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Aug 29, 2009 02:14 PM

The demise of american breakfast (and chicken fried steak.)

I just had an extremely lackluster breakfast at Ole's in Alameda. The place itself is great, you can't beat Alameda for the throwback. The sunnyside up eggs were overcooked on the bottom with runny whites on top. The hash browns looked good, but tasted overwhelmingly of coconut oil from the cheap shortening used on the griddle. The chicken fried steak was not even slightly crispy or crusty and sat on top of library paste, or gravy, it was hard to tell.

This sad state of affairs seems to have become the norm. I haven't had decent homefries in years and I gave up on ham with my eggs since Mel's on Fruitvale closed. Just an aside, but does anyone else miss Anne's Cafe?

Does anyone have a breakfast place, hopefully in the East Bay, that nails all of the elements of a simple american breakfast? At this point, I find Denny's to do a better job with hash browns than any of the specialized breakfast places.

A relate question regards chicken fried steak. Having grown up eating it and watching my mom make it, I realize that it's not really a cooking method that works in a restaurant. That said, does anyone have recent experience with a good restaurant version?

Thanks for the help and feel free to theorize on the reasons behind the death of good eggs/hash browns/homefries.

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    1. re: wolfe

      Amen, on missing Anne's - good food, BIG food and of course, Fran and the amazing atmosophere that she created there.

      1. You may have to travel to the amazing-looking breakfast joints on the "Diners, Drive-ins and Dives" episode.

        5 Replies
        1. re: Wiley

          Did he profile East Bay diners? I caught the episode when he went to Bubbas in San Anselmo, which does serve a good American diner style breakfast.

          I do like the food at 900 Grayson for breakfast.

          1. re: Shane Greenwood

            900 Grayson's breakfast is quite good, but I'm looking for more traditional diner/greasy spoon breakfast. I'm not even against frozen hash browns, as long as they're cooked right.

            1. re: calny

              Try Rudy Can't Fail Cafe in Emeryville. A bit of a neo-punk/post 80s vibe but the food is cleaned up greasy spoon but still in that vein. Nothing great and unusual but things are cooked right for the most part. They also serve (or use to) a CFS on a daily rotating menu, although I haven't had it.

              1. re: ML8000

                Rudy's is generally good, but their hash browns are a weird thick cake that is often not crisped up enough. It was on my breakfast list, but the hash browns knocked it off.

                1. re: calny

                  Hash browns in the Bay Area are for some reason something that not many places do right. Even places I like, like Tennessee Grill...the hash browns suck but I just never get them...but I only get breakfast on occasion. Any way, a lot of people like Rick and Ann's near the Claremont. I haven't been in a long, long time but it's a pleasant place...but it gets busy, long waits.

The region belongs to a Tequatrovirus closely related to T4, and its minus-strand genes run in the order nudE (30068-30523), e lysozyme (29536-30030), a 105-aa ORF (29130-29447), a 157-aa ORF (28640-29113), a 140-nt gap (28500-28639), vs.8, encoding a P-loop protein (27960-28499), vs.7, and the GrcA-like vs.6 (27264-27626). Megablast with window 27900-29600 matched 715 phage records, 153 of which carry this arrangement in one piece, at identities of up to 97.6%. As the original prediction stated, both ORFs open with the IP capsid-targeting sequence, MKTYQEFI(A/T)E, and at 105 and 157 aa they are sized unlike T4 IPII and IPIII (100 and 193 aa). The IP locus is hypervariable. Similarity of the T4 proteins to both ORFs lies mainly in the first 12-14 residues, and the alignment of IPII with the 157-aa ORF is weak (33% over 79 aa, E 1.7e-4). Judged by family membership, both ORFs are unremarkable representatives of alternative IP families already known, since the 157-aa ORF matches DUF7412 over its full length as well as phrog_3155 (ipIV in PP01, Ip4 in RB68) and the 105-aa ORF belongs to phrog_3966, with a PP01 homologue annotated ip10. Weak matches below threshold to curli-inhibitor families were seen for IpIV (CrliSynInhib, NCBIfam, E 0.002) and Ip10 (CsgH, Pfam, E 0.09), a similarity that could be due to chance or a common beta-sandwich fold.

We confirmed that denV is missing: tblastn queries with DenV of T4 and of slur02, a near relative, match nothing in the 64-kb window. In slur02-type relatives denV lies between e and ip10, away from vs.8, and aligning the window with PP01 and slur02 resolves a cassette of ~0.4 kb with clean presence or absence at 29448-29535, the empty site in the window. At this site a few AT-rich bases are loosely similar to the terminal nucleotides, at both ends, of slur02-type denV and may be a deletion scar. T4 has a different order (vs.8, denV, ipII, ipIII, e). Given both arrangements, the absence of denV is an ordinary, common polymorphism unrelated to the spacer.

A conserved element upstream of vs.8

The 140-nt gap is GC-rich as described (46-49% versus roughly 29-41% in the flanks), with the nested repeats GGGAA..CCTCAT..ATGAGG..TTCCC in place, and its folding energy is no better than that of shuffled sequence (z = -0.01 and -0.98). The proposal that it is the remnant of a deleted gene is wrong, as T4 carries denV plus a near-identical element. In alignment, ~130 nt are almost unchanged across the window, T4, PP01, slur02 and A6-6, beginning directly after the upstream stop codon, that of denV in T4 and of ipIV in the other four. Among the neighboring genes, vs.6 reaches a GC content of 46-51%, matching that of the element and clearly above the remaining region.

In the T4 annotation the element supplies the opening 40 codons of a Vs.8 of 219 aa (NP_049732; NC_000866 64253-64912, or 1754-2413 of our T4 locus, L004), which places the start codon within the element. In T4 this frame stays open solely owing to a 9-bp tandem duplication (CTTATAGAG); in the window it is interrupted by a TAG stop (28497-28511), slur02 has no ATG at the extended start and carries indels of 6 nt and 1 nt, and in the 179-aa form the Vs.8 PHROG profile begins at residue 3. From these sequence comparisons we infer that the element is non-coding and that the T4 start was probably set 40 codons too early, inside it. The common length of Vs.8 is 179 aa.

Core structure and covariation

2. I liked the CFS at Aunt Mary's, but it is not traditional. It was a real chunk of steak, not pounded to death, and cooked medium. Very tasty, definitely CFS, but possibly not what you crave.

          Aunt Mary's Cafe
          4307 Telegraph Ave, Oakland, CA 94609

          3 Replies
          1. re: lexdevil

            Tried a few bites of my wife's CFS at Aunt Mary's tonight and thought it wasn't bad. The meat could have been seasoned a tad more, but the batter was nice and crisp (not soggy), and the beer gravy was tasty.

            For dinner (Thurs-Sat) it's served with a side of mashed potatoes and mixed veggies. These were just OK.

            1. re: lexdevil

              When I tried Aunt Mary's CFS, it was made with a hanger or flat iron steak (memory fails me) and not pounded. . . definitely not traditional CFS

              1. re: Stephanie Wong

                Yes, I believe it was a flat iron steak. Not traditional, but decent nevertheless.

            2. I like chicken fried steak at Jim's Coffee Shop, around the corner from Ole's. Hasbrowns are frozen but usually crisp. They do a decent job for breakfasts, and there is still bit of small-town charm to the place, even though they do a brisk business and have a surprisingly large dining room.

              1 Reply
              1. re: chezchristine

                One of my girlfriends and her husband used to live down the road from Jim's and would eat there all the time -- breakfast, lunch, dinner. Their french dip sandwich was good.

                Jim's Coffee Shop
                2333 Lincoln Ave, Alameda, CA 94501

              2. I did not grow up on diner food, so forgive me if you've been and hate it, but I like St. Francis Fountain in the Mission in San Francisco.

                And this isn't going to help you, but I noticed when I visited Seattle that traditional American diner breakfasts seem to be thriving there in a way that they aren't here. Even somewhere like St. Francis, you'll see a lot of "California influenced" omelets or pancakes with fancy organic whole grains (all for over $10). There, you see $3 biscuits and gravy and the fanciest pancake is one with fruit jam on it instead of syrup. And the coffee is always good.